Freedom To Live
His hands shut the blue doors behind him with a satisfying clack.
“Like the slip of a shoji door, if you do it properly,” he murmurs to no one in particular. “... how very frightening. Never quite realized how much. Good. That ought to be useful, later.”
The ground is greyish, he notices as he picks his way among the many boxes and lines and wires and old cracked displays.
His eyes find the empty place, finally, after a boatload of unnecessary walking.
Concentrating, he can make out the vague shape, the outline of the box.
Playing his hands along the edges, he finds the catch, unhooks it, then makes a quick look-turn around before peering inside.
“Don’t want to give any tenants ideas, eh?” he murmurs, chuckling to himself. “After all, it’s Chocolate Sunday! Nobody visits this Museum on Chocolate Sunday? Especially since the sudden ice age...”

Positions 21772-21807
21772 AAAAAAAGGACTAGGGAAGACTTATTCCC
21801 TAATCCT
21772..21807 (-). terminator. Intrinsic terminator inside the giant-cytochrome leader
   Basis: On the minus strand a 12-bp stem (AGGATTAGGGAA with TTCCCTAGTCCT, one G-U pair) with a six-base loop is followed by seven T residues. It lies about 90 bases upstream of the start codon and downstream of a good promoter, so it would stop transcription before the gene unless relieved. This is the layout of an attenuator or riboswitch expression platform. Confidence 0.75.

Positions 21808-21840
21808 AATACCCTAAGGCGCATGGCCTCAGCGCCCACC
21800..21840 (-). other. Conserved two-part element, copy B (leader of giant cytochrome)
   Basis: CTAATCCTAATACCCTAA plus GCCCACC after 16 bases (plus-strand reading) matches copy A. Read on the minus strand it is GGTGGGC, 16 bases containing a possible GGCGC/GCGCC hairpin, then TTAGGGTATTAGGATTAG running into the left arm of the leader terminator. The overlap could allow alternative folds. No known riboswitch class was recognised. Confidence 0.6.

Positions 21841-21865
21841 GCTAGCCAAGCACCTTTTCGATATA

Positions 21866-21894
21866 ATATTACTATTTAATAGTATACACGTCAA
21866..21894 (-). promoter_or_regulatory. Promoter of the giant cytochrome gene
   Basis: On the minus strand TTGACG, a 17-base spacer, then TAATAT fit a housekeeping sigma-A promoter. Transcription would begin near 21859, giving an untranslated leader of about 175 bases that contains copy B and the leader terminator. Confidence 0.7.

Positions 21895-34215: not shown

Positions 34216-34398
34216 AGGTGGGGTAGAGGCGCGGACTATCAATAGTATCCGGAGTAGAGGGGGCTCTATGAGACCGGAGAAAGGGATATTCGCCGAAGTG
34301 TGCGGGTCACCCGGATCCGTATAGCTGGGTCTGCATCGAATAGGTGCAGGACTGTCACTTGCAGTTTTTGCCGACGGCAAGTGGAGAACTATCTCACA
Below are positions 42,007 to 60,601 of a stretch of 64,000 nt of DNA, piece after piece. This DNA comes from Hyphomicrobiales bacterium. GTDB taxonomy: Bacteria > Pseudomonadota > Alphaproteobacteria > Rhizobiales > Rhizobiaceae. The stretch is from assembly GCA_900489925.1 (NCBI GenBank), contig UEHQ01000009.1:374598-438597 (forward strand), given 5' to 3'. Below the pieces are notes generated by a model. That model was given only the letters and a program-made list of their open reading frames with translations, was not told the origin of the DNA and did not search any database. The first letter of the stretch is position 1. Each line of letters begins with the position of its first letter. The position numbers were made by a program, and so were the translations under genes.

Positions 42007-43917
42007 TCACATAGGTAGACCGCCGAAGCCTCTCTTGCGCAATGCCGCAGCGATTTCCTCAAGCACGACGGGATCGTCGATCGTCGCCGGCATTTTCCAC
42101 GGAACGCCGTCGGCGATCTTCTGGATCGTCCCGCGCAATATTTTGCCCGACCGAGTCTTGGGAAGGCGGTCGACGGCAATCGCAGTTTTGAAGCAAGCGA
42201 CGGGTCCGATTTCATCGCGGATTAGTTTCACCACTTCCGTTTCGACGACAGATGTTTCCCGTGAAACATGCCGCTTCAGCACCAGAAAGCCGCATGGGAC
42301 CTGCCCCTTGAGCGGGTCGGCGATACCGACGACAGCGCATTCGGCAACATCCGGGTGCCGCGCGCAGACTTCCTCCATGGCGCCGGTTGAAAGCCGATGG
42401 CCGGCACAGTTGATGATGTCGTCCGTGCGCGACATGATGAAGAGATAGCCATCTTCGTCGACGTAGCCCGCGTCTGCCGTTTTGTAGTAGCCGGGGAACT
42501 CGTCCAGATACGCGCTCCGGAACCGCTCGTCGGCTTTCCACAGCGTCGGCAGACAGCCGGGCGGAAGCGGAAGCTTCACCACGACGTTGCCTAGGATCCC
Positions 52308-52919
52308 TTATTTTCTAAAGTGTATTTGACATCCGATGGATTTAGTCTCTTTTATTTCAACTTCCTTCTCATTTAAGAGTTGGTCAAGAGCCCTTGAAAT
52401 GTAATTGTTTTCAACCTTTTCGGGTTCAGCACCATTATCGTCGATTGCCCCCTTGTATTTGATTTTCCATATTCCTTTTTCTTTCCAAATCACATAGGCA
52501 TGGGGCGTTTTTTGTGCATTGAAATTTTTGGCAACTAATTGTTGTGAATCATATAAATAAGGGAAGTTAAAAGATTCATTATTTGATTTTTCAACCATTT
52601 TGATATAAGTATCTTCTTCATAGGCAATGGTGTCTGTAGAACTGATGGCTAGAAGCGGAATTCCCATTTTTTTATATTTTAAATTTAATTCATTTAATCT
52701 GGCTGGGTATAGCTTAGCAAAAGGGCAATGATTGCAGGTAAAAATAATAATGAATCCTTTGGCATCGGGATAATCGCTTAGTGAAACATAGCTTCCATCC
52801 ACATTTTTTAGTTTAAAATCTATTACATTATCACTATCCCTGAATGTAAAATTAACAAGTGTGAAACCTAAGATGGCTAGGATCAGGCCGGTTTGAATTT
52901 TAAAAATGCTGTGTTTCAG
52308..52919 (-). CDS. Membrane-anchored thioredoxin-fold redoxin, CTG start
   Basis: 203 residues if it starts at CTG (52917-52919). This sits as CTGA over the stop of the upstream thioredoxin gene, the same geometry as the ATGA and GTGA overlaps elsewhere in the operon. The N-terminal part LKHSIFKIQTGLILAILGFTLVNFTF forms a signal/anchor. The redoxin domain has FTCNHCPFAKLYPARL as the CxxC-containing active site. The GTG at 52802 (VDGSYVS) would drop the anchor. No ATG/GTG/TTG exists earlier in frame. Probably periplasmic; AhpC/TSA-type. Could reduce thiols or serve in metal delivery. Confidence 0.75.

He blinks, eyeing the figure in the box.
Drape of a toga.
A warm, almost sunny smile.
And a crudely-made sign that would put any well-seasoned turista to shame.
“And what’s your problem? Cat got your tongue? Ahaha!” he squirms out a finger from his whitely clenching fist and jabs it at the sign-wearer in the box.
“And what’s this then?” he adds, peeking in closer, one eye on the box’s lone occupant, one eye on the wriggling thing in those hammily outstretched arms. He looks in the strange silver Mirrors covering the inside of the box, and learns the answer in an instant.
Of course, he already knows. Kind of.
“Hello, Mehgudi!” he purrs, reaching in and retrieving the small package of bundled cloth, from which a tiny hand emerges, coupled with a smallish, fair-olive face framed in soft, dark baby fuzz. “Or Susan, I should say. Hullo, Susan! I’m your grandfather! See?”